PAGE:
In the Phoenicians’ wake
Briton Philip Beale aims to rewrite a bit of African history by sailing around the continent in a boat built with the same materials that he believes the Phoenicians used 2,500 years ago to make the same trip.
Built of Aleppo pine, held together with wooden dowels and powered by wind and muscle, the 66-foot-long Phoenicia will set out down the Suez Canal on Aug. 6. Beale intends to complete the 15,000-mile clockwise journey 10 months later.
“The Europeans think it was Portuguese explorer Bartholomeu Dias who did it first. But I think the Phoenicians did it 2,000 years earlier and I want to prove it,” Beale said Monday.
Beale headed the Borobudur expedition in 2003-04, sailing a replica 8th century boat from Indonesia to West Africa.
Beale was catapulted into his latest adventure by an argument with an academic in Cape Town, South Africa, when he landed there during the Borobudur trip. The academic said Indians had made the first African circumnavigation.
“I said I thought it was probably the Arabs. When I got home my research found a mention by Greek historian Herodotus of a circumnavigation by Phoenicians written in 440 BC, 200 years after the actual event,” the former Royal Navy man said.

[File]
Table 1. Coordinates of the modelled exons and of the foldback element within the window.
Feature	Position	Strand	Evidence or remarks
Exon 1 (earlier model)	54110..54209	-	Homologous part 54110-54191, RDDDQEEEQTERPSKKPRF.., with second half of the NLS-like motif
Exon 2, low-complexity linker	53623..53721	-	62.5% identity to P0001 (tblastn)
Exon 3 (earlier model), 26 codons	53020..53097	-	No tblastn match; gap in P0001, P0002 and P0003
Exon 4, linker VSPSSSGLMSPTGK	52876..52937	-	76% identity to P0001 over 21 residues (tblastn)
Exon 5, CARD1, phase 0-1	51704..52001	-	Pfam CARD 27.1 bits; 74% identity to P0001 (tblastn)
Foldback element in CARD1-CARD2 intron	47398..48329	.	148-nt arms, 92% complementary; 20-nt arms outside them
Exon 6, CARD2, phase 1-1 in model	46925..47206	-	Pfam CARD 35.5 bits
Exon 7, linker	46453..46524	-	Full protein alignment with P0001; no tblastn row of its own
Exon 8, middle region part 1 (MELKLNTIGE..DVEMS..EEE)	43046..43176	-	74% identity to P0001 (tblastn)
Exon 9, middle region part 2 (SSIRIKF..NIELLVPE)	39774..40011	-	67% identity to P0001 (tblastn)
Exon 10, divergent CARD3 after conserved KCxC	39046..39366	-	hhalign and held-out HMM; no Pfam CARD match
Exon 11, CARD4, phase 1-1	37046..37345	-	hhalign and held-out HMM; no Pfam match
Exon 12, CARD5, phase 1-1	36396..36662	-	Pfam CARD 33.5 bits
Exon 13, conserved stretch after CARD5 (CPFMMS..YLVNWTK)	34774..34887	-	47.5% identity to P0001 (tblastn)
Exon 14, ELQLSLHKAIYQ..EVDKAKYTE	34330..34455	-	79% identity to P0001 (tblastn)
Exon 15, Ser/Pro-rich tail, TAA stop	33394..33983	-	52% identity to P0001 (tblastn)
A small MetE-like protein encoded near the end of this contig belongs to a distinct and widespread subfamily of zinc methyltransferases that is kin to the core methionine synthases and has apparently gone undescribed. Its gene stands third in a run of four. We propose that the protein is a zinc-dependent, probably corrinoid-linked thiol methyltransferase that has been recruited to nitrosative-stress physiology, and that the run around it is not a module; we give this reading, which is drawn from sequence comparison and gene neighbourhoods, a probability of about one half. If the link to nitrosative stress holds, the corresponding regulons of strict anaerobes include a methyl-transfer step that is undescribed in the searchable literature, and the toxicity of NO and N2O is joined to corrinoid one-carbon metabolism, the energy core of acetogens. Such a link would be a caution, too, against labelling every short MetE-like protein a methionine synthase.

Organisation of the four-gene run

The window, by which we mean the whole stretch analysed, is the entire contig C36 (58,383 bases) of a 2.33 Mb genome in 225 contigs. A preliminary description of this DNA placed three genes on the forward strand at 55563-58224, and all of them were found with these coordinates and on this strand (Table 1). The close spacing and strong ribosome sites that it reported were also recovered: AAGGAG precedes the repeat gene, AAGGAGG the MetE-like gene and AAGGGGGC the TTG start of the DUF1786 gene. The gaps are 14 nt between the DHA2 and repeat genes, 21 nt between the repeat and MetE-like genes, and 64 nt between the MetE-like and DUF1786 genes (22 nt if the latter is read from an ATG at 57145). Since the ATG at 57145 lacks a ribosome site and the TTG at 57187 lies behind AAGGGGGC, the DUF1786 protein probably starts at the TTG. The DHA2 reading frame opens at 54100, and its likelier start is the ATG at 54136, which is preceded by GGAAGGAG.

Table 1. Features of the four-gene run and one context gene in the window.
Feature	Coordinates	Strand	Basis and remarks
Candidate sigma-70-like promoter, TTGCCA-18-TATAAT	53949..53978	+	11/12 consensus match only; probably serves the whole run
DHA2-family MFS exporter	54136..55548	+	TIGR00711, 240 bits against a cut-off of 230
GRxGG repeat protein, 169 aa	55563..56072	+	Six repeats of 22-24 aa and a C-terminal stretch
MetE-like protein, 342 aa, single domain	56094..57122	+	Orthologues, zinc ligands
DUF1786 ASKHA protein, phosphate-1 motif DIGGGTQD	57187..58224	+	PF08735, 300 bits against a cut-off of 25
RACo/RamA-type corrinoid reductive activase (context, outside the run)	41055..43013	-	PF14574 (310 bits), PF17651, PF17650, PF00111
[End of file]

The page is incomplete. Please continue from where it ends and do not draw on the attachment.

He said details such as the location of the sun during certain parts of the voyage described by Herodotus lent the account authenticity.
Beale believes that Egyptian King Necho II in 600 BC commissioned the Phoenicians, the dominant seafarers of the era, to see if it was possible to sail around Africa.
“They basically built a boat in kit form, carried it overland to the Red Sea, put it together and set off,” he said. “It took them three years because they stopped in the winter to plant and grow crops before sailing on again.”
The 21st century recreation of the voyage will round the Horn of Africa and then drop down the east coast, rounding the Cape of Good Hope off South Africa some time in January before heading up the west coast then round the north to Alexandria, Egypt.
The Phoenicia will carry a crew of about 20, with a core of six making the whole voyage and the rest being recruited for different stages.